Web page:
Spune Presents: Torres | Aero Flynn

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Spune Presents: Torres | Aero Flynn
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Club Dada says
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Torres knows the darkness. The Brooklyn-based singer-songwriter otherwise known as Mackenzie Scott waits until anything—an idea, an emotion, a memory—gnaws at her, tearing at her fingers and throat until she releases it in song. Her husky voice strains against its human biological constraints like a wild-eyed horse, whispering desperately "Don't give up on me just yet" on one end and yowling about jealousy with unnerving intensity on the other. Following her self-titled debut in 2013, TORRES pushes herself to even noisier extremes on Sprinter, a punishing self-examination of epic spiritual and musical proportions.


"There's so much I want to sing, but there's no room for toothbrushes in poetry," Scott murmurs in a resilient quaver while barely fingering the strings of her guitar on "The Exchange," the final song and the heart of her second album. "That was the one that brewed the longest in my subconscious before I wrote it," says Scott. "It was just a tough one, no getting around it." The reason is right there in the beginning: she sings of her adopted mother losing her biological mother twice—once at birth and again when she discovered her adoption papers had been lost in a basement flood.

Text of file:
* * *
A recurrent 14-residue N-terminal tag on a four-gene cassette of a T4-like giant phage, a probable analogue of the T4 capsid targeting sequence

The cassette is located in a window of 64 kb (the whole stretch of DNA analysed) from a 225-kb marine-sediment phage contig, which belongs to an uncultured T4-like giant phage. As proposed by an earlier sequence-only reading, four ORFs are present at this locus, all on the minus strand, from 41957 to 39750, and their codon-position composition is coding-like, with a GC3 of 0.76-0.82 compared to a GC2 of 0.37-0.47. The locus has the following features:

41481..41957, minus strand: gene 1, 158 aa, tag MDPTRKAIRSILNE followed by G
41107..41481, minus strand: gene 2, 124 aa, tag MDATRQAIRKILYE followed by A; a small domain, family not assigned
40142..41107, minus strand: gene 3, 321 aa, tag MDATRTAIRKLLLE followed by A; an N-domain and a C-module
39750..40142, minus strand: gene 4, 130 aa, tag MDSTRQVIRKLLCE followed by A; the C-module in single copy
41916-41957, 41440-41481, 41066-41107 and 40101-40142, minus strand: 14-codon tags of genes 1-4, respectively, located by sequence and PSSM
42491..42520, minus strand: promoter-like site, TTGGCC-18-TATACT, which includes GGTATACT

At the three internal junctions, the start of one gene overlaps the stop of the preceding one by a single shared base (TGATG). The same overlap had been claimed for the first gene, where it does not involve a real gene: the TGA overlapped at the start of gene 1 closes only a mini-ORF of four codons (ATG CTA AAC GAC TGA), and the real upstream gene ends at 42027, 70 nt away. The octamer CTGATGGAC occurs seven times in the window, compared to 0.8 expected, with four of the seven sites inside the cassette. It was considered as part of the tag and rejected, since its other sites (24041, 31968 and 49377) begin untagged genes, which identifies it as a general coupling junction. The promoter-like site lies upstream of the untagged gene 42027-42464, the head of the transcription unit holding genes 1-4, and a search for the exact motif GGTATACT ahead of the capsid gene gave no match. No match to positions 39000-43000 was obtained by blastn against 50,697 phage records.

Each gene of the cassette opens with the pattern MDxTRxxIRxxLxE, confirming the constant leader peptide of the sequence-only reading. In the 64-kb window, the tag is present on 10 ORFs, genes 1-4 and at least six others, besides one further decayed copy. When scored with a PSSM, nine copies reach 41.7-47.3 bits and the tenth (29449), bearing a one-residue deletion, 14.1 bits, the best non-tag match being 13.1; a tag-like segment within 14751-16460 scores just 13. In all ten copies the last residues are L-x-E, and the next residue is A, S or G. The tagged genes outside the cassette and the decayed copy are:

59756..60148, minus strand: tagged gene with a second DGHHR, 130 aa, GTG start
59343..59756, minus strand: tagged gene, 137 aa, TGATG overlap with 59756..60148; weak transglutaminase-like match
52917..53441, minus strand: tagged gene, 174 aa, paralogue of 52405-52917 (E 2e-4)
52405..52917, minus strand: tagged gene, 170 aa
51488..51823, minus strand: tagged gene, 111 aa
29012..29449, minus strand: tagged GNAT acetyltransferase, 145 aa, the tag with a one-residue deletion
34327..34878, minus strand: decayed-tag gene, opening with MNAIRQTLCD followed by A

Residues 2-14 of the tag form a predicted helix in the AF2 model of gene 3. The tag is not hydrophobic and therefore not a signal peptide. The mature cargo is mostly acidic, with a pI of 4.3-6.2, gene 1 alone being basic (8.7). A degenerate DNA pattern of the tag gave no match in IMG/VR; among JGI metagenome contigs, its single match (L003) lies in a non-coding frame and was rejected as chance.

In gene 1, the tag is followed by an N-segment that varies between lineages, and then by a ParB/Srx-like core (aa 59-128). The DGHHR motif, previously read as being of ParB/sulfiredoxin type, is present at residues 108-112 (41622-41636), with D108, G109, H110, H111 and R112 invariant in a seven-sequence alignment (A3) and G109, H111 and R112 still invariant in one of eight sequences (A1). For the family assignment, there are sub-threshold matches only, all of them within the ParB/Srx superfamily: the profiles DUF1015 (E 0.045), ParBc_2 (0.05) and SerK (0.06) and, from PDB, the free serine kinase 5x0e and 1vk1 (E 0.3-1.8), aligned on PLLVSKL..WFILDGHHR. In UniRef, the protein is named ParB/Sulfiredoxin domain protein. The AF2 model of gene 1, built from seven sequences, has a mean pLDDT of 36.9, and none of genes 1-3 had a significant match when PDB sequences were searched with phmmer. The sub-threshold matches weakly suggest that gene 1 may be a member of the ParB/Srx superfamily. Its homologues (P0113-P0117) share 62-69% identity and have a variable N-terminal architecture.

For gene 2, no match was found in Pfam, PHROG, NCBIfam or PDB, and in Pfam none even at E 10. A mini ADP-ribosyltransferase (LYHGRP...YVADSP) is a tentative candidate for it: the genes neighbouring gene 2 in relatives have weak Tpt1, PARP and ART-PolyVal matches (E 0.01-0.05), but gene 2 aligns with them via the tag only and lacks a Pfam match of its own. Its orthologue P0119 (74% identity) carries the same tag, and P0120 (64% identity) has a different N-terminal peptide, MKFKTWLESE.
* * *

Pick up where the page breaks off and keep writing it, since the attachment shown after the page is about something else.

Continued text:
A keen awareness of Scott's place in her family and in the world suffuses Sprinter, contributing to themes of alienation throughout. "You're just a firstborn feeling left behind," she sings on the ominously brewing "Son, You Are No Island," which references one of Scott's influences on this record: English poet John Donne's 1624 poem Devotions upon Emergent Occasions. Scott's tortured wailing circles spirals downward around itself, reflecting in a dark mirror the feelings of an adopted child.

"Whether it be abandonment, or fear of rejection, or perhaps inability to connect with people, comes down to that fear of isolation, of not being good enough," she says. "Those are themes that have cropped up in my personal life, in my writing, and my mom can definitely understand that herself."
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By: Club Dada

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